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Who let the dogs out? - A Dog's Life review

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Who let the dogs out? - A Dog's Life review
Have you ever wondered what your dog is doing when you are not at home? What mischief do they cause when you are not watching? A Dog's Life gives you the possibility to live this life for yourself. Take the role of one of your favorite dog breeds and experience the city through the eyes of your favorite canine. The game is currently available on Kickstarter, but we already tried it out to let you know our thoughts.

Short overview

In A Dog's Life, you take the place of a boxer, a poodle, a whippet, a fox terrier, a German shepherd or a Labrador and your goal is to be the first to bury three bones in your own kennel. Your first task is, of course, to collect these bones at different locations in the city. You can go and beg for food in the restaurants, rummage through garbage and bins, deliver newspapers and get rewards or take bones from other dogs by fighting them. But be wary, because while you are having fun in the city, the dog catcher is driving around to catch all stray dogs, and this can cost you a lot of valuable turns.

The components

Part of the game board in A Dog's LifeThe game is being played on a shared game board that represents the village in which the dogs are running around. The city is divided into tiles through which the dogs can move throughout the game. At some positions, it is hard to differentiate the difference between these lines and the folds of the board. The board has great art on it and all buildings are different to create a lively image of a city. Special tiles have a paw on them to indicate special actions can be taken here. Each color of paw represents another action: yellow paws are the entrances to a dog's kennel their starting place and the place where they bury bones, red paws are restaurants where dogs can beg for food, blue paws are the entrances to the news kiosk where dogs can get a newspaper to deliver, green paws are delivery addresses for newspapers and the black paw shows the exit of the dog shelter.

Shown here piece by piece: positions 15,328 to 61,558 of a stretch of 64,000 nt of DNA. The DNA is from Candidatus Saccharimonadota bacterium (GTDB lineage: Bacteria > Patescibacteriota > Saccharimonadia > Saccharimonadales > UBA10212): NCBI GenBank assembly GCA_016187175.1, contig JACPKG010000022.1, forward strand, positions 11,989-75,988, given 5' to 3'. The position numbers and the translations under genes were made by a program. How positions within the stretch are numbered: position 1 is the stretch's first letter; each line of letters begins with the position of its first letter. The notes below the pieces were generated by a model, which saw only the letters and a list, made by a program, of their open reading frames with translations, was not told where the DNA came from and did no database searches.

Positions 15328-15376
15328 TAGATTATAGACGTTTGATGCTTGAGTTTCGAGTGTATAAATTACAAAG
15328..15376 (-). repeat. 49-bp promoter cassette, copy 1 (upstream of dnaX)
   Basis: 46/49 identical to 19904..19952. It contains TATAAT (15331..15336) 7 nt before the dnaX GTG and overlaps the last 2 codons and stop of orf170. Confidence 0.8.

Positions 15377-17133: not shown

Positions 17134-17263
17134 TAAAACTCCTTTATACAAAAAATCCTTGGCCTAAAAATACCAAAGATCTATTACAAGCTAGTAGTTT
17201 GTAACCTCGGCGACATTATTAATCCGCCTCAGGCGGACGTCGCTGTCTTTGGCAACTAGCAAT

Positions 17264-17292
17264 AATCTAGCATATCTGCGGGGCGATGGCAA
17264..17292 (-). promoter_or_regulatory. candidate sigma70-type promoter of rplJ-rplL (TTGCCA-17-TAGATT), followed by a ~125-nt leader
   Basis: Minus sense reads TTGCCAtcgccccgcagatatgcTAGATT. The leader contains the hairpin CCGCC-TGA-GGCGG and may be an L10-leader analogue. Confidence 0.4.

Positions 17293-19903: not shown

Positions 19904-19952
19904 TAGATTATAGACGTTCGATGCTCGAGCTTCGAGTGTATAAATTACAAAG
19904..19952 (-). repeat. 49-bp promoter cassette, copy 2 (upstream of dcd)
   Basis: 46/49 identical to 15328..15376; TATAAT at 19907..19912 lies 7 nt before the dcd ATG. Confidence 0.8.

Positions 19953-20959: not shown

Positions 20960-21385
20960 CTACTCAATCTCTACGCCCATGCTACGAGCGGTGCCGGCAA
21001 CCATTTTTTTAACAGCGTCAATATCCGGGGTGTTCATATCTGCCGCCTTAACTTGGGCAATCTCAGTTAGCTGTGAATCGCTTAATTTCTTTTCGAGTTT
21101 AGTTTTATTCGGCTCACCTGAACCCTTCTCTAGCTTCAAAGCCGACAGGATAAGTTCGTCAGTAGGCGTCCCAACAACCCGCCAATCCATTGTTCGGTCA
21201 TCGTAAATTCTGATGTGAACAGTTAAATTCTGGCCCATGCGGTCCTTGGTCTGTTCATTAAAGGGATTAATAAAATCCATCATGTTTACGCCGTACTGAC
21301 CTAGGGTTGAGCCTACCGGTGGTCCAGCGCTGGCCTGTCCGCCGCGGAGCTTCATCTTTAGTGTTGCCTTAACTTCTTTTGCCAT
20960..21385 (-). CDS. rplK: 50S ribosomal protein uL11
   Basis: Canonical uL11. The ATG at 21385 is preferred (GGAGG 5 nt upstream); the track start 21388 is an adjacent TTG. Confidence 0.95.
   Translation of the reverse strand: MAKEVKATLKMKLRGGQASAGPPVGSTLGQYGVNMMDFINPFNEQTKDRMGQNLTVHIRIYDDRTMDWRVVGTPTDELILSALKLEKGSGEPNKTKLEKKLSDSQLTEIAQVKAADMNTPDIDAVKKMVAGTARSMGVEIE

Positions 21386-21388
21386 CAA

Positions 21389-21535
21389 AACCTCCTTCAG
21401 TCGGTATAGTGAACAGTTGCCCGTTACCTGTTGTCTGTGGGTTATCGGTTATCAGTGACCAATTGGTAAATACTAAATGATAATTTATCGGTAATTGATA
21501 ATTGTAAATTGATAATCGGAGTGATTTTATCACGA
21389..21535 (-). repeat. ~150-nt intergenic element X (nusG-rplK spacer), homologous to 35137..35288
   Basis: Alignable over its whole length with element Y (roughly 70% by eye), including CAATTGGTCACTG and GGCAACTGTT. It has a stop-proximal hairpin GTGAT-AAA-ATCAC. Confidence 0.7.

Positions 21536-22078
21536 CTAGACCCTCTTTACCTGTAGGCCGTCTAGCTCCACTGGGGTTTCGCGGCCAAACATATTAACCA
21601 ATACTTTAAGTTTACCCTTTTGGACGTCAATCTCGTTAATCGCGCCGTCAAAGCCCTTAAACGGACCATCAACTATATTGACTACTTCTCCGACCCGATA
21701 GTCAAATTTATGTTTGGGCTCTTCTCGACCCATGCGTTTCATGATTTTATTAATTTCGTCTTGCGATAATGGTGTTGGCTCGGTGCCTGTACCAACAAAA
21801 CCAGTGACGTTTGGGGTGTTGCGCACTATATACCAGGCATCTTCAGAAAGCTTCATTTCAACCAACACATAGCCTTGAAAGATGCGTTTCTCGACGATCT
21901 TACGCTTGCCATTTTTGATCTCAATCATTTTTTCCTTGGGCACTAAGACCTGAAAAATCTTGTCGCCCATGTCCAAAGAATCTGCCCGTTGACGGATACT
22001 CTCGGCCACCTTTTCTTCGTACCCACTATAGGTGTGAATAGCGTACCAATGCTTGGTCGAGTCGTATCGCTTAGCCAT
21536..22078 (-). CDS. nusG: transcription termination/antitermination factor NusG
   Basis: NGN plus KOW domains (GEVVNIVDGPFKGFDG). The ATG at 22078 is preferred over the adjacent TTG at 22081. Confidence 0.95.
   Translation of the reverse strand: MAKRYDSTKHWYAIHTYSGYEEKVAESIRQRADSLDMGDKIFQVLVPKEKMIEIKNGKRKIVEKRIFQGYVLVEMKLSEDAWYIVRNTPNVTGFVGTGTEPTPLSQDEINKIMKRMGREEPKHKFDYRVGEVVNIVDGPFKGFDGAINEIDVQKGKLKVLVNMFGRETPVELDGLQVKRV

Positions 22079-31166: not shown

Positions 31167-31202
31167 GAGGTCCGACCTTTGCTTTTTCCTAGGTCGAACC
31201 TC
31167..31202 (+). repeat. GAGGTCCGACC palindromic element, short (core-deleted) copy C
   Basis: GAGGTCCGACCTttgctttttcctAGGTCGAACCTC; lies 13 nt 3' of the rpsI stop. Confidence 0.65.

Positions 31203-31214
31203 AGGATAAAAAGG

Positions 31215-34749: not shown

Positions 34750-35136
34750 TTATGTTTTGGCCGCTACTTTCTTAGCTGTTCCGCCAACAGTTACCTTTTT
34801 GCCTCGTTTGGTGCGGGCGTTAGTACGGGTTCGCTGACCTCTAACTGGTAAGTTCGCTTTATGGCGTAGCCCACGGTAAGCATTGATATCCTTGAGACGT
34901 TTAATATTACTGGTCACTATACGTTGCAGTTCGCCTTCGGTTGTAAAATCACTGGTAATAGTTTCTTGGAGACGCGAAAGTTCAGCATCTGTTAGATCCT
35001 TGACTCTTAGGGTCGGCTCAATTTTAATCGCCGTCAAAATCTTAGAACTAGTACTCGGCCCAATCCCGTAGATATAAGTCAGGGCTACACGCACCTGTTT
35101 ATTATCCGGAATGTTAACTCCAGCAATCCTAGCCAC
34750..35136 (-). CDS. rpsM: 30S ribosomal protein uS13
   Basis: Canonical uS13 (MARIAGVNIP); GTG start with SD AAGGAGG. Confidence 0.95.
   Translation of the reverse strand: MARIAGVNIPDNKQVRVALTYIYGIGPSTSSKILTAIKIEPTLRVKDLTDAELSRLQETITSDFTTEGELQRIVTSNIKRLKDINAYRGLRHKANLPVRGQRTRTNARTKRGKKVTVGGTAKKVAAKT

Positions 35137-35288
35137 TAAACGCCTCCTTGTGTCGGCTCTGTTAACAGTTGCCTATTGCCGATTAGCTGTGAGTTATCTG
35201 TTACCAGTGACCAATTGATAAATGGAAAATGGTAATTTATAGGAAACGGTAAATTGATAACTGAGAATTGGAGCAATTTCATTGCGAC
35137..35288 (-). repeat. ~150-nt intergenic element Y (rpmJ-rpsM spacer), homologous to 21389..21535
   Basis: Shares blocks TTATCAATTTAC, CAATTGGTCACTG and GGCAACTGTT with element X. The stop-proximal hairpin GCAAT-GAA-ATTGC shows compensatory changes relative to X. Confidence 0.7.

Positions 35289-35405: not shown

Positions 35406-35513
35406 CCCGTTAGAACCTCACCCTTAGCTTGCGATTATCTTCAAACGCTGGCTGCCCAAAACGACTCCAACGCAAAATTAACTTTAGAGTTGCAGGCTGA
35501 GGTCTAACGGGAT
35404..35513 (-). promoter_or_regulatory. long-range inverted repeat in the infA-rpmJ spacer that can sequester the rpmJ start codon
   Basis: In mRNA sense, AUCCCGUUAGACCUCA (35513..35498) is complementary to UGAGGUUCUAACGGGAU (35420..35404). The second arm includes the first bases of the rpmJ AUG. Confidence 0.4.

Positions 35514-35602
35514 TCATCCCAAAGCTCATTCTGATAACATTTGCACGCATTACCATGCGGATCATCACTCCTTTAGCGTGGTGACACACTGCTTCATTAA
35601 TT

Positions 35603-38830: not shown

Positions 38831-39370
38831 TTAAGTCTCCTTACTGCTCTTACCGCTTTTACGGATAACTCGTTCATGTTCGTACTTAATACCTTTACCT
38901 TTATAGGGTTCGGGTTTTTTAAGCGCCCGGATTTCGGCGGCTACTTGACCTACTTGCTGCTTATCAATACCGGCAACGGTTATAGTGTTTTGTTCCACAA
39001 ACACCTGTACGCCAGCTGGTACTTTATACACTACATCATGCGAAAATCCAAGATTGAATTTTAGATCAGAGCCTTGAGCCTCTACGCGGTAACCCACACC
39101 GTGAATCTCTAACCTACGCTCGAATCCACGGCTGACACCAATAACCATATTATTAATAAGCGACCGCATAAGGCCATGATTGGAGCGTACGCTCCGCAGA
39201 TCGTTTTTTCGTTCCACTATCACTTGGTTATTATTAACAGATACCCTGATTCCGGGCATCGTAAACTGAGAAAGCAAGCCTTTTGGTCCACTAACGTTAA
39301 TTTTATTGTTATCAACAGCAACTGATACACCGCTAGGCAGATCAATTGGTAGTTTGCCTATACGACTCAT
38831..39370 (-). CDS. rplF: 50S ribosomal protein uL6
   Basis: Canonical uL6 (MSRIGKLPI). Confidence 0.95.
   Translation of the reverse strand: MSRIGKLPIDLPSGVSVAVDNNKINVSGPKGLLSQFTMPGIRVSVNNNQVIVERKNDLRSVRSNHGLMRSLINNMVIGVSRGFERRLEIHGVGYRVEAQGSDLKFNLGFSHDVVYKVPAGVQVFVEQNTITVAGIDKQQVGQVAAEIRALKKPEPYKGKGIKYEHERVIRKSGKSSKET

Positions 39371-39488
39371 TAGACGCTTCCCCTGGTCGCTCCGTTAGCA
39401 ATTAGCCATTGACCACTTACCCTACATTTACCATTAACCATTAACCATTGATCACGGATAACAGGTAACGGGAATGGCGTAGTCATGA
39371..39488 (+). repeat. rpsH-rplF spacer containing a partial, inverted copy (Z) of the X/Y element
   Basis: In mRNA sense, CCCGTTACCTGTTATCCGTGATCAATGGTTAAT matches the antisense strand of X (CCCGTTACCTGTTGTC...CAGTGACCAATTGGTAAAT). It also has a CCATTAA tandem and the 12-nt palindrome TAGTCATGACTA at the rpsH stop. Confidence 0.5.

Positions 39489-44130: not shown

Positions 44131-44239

To distinguish players on the game board, everyone gets a beautiful miniature that corresponds to the chosen dog breed. These miniatures are completely unique and hand painted out of the box. These make the experience as a dog in the city even more real. A small disadvantage with these miniatures is that they don't have a base and the legs of the dogs are very small and sometimes uneven, so they don't always manage to stand up right.

Dog miniatures in A Dog's Life
Dog miniatures in A Dog's Life

 

Components for the dog Max in A Dog's LifeEvery player also has a deck of cards that is unique for all dogs. These cards show all possible actions that can be taken in the city and the result for them. The actions on the card are being shown with as few text as possible so they are really easy to understand. The name of the actions in English, but after playing a few times you know the correct icon for each action by heart.

You also get your own sturdy player board that has a nice picture of your dog on it. This board keeps track of what your dog has in its mouth, this can be bones or newspapers, how much your bladder is filled and how hungry the dog is. To display these stats, the game comes with cardboard tokens that have nice icons on them. These boards and tokens are of superior quality, it's probably the first time I have seen such thick cardboard in a board game.

Gameplay